Bush Begins a Second Term and Other News in 2005
George W. Bush was officially sworn in for his second term as president on Inauguration Day, January 20. After taking the following oath, “I do solemnly swear that I will faithfully execute the office of the President of the United States and will, to the best of my ability, preserve, protect, and defend the Constitution of the United States”, the president, his family, friends, and invited guests enjoyed the over $40 million festivities of Inauguration Day.
Supreme Court Rules No Execution of Juveniles
On March 1, 2005, in the
Terrorism in London
On July 7, 2005, London was hit by Islamic terrorist bombings that struck London's public transport system, killing 52 people, as well as the 4 suicide bombers, and wounding about 700. It was Britain's worst attack since World War II.
Terry Schiavo and the Right to Die
On March 31, 2005, Terry Schiavo, a forty-one-year-old brain-damaged woman, died in the State of Florida nearly two weeks after doctors removed a feeding tube that had been keeping her alive for more than a decade. Terry Schiavo became the focal point of an ugly, and in many people's opinions, ighly inappropriate and self-serving political battle over right to life and right to die.
What is a health care proxy?
This legal form gives the person you choose as your agent the authority to make all health care decisions for you, including the decision to remove or provide life-sustaining treatment, unless you indicate otherwise. This authority goes into effect when you are no longer able to make those decisions.
On March 21, three days after Schiavo's feeding tube was removed at the instruction of Terry's husband, Michael Schiavo, Congress passed a bill transferring jurisdiction of the case from Florida's state court to a district court, for a federal judge to review. President Bush signed it into law the next day. But federal courts refused to overturn the state courts' decision to allow her to die.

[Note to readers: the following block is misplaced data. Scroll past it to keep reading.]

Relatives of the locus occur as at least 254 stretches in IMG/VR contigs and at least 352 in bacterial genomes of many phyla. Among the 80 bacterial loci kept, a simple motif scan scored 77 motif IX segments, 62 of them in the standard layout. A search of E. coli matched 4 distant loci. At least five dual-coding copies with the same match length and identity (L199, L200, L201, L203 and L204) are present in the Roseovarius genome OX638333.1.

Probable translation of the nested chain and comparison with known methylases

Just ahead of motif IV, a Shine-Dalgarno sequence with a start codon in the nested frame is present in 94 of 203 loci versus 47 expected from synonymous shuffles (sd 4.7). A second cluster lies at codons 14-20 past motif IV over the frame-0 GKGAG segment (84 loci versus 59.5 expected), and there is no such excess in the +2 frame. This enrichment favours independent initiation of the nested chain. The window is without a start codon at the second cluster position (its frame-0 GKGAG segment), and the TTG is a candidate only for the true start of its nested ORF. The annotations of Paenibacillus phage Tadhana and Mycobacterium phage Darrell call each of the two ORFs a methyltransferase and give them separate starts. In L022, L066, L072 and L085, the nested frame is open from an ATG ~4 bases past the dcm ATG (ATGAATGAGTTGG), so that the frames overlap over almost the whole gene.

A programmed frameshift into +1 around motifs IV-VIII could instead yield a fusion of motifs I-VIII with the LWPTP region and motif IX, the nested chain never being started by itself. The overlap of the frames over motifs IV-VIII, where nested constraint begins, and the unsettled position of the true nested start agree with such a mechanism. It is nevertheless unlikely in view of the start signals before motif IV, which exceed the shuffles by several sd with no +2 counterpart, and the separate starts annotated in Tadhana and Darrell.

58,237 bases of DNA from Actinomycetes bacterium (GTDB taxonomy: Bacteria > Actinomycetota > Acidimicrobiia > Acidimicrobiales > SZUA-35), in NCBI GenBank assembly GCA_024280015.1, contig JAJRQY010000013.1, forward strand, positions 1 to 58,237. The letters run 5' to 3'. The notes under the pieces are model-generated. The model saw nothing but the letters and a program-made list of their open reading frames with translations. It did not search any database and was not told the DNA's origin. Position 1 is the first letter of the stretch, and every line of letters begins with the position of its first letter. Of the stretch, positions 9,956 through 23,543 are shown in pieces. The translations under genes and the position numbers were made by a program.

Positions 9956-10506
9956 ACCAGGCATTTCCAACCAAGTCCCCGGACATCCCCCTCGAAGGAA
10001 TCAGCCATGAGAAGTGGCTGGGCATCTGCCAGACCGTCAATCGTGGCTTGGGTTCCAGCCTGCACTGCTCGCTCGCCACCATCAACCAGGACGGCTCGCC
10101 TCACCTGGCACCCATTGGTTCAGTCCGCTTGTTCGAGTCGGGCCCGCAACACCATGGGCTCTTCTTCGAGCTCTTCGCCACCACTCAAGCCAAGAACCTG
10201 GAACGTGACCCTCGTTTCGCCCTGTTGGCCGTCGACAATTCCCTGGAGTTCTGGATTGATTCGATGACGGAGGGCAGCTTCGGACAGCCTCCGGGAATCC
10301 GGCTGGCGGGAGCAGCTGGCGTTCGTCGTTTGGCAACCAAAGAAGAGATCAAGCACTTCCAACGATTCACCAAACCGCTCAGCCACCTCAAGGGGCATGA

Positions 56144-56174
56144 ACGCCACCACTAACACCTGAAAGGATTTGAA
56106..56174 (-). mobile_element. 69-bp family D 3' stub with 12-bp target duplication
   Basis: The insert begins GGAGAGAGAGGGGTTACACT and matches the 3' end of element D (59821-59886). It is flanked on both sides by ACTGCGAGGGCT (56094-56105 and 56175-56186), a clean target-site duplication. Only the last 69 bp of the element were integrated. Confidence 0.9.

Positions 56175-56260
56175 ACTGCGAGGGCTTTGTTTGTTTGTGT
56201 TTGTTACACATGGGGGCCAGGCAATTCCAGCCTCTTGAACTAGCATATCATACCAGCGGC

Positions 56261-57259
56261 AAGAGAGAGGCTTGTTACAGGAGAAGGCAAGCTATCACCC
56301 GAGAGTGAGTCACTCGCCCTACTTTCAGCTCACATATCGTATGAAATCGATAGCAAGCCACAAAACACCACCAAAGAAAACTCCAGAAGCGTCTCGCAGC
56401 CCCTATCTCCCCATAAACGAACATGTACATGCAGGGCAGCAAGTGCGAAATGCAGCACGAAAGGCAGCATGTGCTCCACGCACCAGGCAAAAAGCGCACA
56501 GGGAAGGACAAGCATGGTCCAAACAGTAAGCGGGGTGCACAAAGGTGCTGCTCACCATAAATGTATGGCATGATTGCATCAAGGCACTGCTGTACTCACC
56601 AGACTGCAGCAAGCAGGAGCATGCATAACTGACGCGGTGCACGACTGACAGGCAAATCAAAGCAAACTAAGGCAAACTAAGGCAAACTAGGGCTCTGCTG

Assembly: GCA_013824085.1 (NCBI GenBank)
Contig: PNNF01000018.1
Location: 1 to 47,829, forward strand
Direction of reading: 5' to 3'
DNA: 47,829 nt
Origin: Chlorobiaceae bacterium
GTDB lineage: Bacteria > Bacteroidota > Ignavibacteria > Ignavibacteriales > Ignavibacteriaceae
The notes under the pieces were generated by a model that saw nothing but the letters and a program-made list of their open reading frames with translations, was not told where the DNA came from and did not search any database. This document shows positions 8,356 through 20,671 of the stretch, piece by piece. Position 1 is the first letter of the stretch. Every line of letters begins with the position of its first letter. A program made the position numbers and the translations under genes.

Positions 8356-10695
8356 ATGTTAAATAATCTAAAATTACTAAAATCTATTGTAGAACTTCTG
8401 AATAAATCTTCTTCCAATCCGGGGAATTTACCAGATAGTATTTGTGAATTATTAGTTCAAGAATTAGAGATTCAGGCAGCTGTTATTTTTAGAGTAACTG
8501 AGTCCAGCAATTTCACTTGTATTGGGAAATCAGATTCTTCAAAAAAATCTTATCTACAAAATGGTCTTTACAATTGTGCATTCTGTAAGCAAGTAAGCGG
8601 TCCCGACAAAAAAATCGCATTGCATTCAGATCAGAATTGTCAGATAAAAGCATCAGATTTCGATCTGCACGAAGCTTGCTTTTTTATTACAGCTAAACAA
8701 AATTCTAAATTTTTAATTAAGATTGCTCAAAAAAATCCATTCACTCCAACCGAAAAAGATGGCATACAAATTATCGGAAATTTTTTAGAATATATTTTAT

On August 25, 2005, Hurricane Katrina caused catastrophic damage on the Gulf Coast, resulting in more than 1,000 deaths and leaving millions homeless. Americans were shaken not simply by the magnitude of the disaster but also by how ill prepared all levels of government were in its aftermath. Within the federal government it appeared that “the right hand did not know what the left hand was doing.” FEMA's director, Michael Brown, testified that he informed White House officials on August 29 that the levees had breached and the city was flooding, but the Bush administration stated that they did not hear of the breach until August 30. Even when a Senate committee requested documents during an investigation of the government's response to the disaster, the White House refused, claiming confidentiality.
Chief Justice Dies
After having served on the Supreme Court for thirty-three years, nineteen of those as chief justice and fourteen as an associate justice (Nixon appointee), Chief Justice William Rehnquist died on September 3, 2005. He was succeeded by John Roberts, who became the seventeenth chief justice of the U.S. Supreme Court.